By Melissa Daniels | PA Independent
HARRISBURG — A divisive plan to change the way the Pennsylvania funds social welfare programs could be passed along with the budget this week, but some have questions about the legal burdens.
The Human Services Block Grant proposal consolidates seven streams of categorized funding for public welfare programs — such as those assisting people who are homeless, addicted, or mentally disabled — into one line item of funding.
Counties would be able to allocate that money they way they see fit — and at least 27 county commissioners and officials from around the state say it will give them more flexibility.
But other officials, including major service providers, are against the block grant, saying it will lead to a decrease in services. The measure comes with a 10 percent cut to this year’s funding of $84 million, and opponents of the proposal say it would hurt the most vulnerable portions of the population.
Furthermore, it could open up counties to lawsuits, say at least three legal experts who’ve drafted papers on the proposal.
Allen Warshaw drafted a legal analysis memo on the proposal as outside counsel for trade association Pennsylvania Community Providers Association. He said the difference in which entity has the final say in allocating money could lead to legal liabilities.
“The counties are now on the firing line because they are now making decisions in a way they weren’t before,” said Warshaw, former chief counsel for the Department of Public Welfare.
Federal laws give safety to the state for any monetary damages, keeping them free from liability should a recipient of human service funding take civil action against the state.
But counties don’t have that same protection.
Still, leaders and members of the County Commissions Association of Pennsylvania, representing the top lawmakers from Pennsylvania’s counties, have lent their support to the proposal. But at least 17 county commissioners and council members urge money be restored the block grant, according to a proposal from human services funding advocacy group Campaign for What Works.
Asked about the potential for county liabilities under the Americans with Disabilities Act, DPW Secretary Gary Alexander said it wasn’t an issue.
“We’ve had legal experts look at it in the department and we’ve found that’s not the case,” he said.
DPW spokeswoman Carey Miller said the block grant program requires counties to comply with federal requirements for funding, which would keep them from being sued if funds are misallocated.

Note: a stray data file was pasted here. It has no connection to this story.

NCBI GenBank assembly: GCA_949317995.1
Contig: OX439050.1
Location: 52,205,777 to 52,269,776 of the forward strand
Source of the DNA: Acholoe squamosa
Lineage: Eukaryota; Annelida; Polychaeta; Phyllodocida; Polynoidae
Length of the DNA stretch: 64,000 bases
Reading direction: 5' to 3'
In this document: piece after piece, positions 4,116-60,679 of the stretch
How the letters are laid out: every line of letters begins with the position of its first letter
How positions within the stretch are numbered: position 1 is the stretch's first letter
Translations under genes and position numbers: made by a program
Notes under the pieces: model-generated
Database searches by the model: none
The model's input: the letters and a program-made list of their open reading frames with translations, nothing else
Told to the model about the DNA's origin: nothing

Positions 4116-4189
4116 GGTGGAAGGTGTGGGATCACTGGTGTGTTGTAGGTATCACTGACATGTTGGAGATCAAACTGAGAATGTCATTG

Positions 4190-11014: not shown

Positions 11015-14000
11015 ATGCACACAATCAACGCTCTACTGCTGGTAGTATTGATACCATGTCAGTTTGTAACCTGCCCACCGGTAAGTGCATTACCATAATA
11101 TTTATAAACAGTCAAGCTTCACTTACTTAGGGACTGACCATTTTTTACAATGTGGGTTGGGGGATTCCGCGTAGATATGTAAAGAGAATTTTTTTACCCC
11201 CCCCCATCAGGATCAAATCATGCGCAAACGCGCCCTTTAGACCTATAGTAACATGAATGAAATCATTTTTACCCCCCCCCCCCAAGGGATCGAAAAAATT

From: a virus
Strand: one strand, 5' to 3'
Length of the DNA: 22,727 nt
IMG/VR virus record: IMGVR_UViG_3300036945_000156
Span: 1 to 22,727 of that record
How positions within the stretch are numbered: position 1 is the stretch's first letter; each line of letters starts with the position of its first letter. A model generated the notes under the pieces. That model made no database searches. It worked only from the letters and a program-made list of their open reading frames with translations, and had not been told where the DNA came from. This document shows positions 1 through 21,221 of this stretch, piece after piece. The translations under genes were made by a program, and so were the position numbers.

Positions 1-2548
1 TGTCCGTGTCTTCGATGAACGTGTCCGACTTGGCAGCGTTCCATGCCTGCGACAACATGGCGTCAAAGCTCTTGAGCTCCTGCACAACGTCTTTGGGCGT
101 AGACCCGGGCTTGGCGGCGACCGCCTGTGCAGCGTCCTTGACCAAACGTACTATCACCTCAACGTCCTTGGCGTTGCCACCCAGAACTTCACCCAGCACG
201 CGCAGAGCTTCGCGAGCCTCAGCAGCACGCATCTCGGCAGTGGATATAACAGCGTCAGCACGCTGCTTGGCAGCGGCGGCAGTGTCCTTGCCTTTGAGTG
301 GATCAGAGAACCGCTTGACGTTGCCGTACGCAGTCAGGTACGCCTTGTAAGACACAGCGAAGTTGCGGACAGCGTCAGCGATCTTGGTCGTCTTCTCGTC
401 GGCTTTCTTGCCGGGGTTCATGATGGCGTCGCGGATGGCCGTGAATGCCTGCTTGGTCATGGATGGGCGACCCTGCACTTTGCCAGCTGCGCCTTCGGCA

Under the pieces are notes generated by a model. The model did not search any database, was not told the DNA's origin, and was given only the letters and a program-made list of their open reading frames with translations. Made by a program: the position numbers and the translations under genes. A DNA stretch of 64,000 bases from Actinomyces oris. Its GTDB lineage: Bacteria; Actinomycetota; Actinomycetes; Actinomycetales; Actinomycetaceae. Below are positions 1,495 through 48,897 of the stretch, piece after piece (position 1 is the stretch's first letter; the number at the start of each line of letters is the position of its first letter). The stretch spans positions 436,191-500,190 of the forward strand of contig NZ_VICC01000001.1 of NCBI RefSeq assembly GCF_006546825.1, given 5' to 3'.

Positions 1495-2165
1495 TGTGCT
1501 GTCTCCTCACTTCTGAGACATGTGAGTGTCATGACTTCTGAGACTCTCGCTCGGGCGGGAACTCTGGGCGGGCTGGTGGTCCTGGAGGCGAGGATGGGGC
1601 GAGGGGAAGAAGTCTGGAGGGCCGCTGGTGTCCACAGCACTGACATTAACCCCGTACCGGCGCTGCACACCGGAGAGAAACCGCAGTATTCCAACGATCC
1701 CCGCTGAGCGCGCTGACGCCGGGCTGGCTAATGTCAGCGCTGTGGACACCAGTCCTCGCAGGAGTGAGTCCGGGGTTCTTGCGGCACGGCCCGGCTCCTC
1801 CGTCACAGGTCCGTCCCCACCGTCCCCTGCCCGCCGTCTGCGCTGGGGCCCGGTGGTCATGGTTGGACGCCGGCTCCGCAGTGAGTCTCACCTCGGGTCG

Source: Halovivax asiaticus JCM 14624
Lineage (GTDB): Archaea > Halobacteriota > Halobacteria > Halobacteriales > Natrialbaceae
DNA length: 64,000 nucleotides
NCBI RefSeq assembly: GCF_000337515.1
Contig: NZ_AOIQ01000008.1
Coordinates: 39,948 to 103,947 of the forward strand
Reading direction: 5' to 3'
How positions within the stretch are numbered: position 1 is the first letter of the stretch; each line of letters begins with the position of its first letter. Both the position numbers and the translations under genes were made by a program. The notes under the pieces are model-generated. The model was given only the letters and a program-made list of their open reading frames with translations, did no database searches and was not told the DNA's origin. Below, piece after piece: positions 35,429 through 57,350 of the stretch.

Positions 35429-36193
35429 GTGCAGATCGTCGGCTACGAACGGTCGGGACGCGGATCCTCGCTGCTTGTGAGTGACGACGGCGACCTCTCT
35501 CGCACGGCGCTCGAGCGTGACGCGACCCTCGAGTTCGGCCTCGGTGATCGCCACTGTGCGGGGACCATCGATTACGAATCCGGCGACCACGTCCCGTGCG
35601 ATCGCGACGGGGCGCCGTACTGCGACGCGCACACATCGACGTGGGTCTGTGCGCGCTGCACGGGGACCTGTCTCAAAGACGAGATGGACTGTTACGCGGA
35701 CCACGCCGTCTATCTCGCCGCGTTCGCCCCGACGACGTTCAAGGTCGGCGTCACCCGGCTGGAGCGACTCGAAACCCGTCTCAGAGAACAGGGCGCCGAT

Additionally, DPW officials would sign off on all plans for Human Services Block Grant funding before implementation, according to the proposal.
“The department expects counties will continue to expend federal funds in compliance with federal requirements, and under the proposal, the department will have the ability to ensure that counties spend block grant funds to maintain compliance with federal requirements,” Miller said in an emailed statement.
But others see room for funding recipients to take action against government entities.
Ray Firth is the policy initiatives director for the Office of Child Development at University of Pittsburgh. He said counties could be particularly liable in cases of mentally disabled people housed in state hospitals, which will be somewhere between 1,000 and 1,750 residents as of this summer.
Firth cited a 1999 Supreme Court decision, Olmstead v. L.C., which granted people with disabilities the right to live in communities as opposed to state hospitals if treatment providers approve of the situation. That decision, which was based on ACA standards, spurred states to reallocate state hospital funding to community-based programs.
But, Firth said, if that funding could be reallocated under the block grant, it could lead to longer stays in institutions. That could turn into civil rights lawsuits, he said, causing “unnecessary turmoil” for people with disabilities and their families.
“That just watered down any effort try to bring people out of state facilities who everybody agrees doesn’t need to be there, they get stalled and now their attorneys turn to the county and the county commissioner, who only has property taxes to go to,” Firth said.
Mark Murphy, executive director of advocacy group Disability Rights Network, said that the block grant setup could violate the ADA, since it allows funding used to support people with disabilities to be shifted elsewhere.
That will put people at risk of institutionalization, violating the act, Murphy said at a news conference Monday. If those people were to bring those cases to court, it could mean mounting legal bills for counties.
“It’ll make the counties the target of lawsuits, the target for monetary claims and damages, the target for attorney’s fees for people who successfully bring this,” Murphy said. “There’s no evidence yet that it could work as it’s intended to help, and it also leaves a legal liability to counties under nondiscrimination rights under federal law.”
The proposal has passed in the Senate, and could be voted in the House of Representatives sometime this week.
It’s unclear if there is enough support for the proposal even among the governor’s own party. Rep. Gene DiGirolamo, R-Bucks, has his own proposal for a pilot block grant program.
He called shifting to a block grant a “historic, monumental” change for human service funding, and said the administration is moving too quickly, adding that the providers or recipients of human services funding were not consulted during negotiations.
As chair of the House Human Services Committee, DiGirolamo only received the proposal last week, he said.
“If I were a county commissioner I would be asking my association, (or) the Department of Public Welfare, to give me something in writing from an attorney who has worked on this giving me their legal opinion,” he said. “I haven’t seen anything like that.”